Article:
When I was a kid growing up in Houston there was a neighborhood pool that, in addition to several diving boards, had a diving platform that towered above the water. To keep kids from climbing up the ladder, changing their mind and causing a scene at the top, the standing rule was that once you went up the ladder, the only way down was to jump off into the water. So you needed to seriously consider the whole process, including the landing, before you even started up.
The rule made sense to me. When you stand at the bottom of a diving platform looking up, 25 feet (7.5 meters) doesn’t seem all that high (supposing you don’t mind heights). However, somewhere around the middle of that ladder climb, your brain starts to contemplate whether this is a good plan, whether you really want to carry through with this and whether you’ve got friends swimming nearby who can pull your battered body from the pool if things go badly.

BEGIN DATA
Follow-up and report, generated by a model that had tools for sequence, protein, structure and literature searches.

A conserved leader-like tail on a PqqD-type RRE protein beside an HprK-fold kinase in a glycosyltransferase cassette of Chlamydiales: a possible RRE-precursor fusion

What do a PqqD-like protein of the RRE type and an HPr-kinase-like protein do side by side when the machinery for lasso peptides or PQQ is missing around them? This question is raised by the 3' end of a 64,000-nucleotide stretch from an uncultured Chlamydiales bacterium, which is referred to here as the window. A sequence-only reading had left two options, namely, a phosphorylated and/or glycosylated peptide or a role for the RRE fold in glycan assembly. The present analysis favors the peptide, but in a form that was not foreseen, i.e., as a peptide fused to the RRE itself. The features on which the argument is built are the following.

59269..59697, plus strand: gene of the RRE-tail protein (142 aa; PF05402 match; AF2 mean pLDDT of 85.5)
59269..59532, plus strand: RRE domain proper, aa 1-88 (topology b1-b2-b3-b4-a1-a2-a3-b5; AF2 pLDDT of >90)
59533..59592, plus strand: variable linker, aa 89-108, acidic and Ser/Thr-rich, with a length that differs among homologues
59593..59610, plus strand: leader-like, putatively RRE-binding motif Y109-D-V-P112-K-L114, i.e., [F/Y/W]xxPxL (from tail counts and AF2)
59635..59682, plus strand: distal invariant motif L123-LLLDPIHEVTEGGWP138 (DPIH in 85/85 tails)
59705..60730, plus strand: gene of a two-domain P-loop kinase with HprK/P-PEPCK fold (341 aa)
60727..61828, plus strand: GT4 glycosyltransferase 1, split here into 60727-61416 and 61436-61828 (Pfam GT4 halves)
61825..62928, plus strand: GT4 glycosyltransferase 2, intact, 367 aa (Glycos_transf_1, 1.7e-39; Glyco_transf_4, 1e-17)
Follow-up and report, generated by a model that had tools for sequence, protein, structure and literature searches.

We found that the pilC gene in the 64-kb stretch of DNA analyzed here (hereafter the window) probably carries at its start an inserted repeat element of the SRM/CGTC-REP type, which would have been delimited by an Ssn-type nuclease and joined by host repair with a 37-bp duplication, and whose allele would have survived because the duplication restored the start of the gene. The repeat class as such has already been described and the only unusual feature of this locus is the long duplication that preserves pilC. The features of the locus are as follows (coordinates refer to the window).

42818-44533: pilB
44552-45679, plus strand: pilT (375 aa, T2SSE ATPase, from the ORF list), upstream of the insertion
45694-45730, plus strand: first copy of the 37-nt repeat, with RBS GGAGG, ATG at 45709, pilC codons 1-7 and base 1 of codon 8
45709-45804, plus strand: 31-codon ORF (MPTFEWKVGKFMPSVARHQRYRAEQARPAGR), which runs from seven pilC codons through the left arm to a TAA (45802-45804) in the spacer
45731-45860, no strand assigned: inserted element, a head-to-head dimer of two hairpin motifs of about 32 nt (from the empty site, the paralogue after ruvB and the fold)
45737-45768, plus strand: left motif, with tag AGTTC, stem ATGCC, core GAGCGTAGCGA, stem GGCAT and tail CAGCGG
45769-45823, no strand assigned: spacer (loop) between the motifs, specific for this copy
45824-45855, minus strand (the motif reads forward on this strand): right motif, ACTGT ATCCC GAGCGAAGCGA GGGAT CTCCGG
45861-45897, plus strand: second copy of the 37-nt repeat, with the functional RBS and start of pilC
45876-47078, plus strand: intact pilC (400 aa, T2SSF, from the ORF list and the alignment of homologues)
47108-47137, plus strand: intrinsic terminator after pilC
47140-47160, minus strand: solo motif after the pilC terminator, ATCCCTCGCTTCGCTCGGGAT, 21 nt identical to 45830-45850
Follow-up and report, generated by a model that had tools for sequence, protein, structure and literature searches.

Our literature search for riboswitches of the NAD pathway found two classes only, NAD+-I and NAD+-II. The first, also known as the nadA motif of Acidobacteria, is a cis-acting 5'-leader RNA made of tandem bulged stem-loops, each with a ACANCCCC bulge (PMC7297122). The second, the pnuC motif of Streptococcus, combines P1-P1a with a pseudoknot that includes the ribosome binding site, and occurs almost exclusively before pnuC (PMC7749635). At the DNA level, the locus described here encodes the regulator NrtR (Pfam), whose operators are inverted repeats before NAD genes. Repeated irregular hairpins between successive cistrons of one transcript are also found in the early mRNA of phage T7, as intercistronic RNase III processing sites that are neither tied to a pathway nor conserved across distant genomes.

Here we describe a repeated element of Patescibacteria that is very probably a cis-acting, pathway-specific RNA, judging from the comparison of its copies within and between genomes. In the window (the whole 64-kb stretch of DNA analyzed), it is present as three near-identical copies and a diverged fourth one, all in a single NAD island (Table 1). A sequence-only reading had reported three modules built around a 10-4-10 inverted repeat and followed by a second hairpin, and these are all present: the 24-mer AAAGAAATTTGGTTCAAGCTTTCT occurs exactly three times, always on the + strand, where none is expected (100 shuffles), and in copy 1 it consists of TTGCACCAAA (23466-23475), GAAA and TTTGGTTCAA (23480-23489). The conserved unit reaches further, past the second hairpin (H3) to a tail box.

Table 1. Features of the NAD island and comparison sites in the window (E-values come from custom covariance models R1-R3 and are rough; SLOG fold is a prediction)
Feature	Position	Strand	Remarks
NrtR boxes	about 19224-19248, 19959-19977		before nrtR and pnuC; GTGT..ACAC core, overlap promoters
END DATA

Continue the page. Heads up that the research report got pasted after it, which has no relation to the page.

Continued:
Standing at the edge of the platform looking down is when you fully grasp that 25 feet in diving terms is closer to base jumping from the Empire State Building. But since walking back down the ladder is not an option, you take a deep breath, jump off and pray for the best.
I think product naming is the same experience for some people.
It looks easy from a distance. Seriously, how hard can it be to come up with a decent name? A handful of people take the plunge and make it into the water without drowning. The form might not be all that great, but as long as the goal was finishing the process, no one is worse for the experience. But sometimes the stakes are higher, the exposure a little more severe and just jumping off won’t cut it. That’s when the act of naming changes to the art of naming.
WHY HAVE A PROCESS FOR NAMING?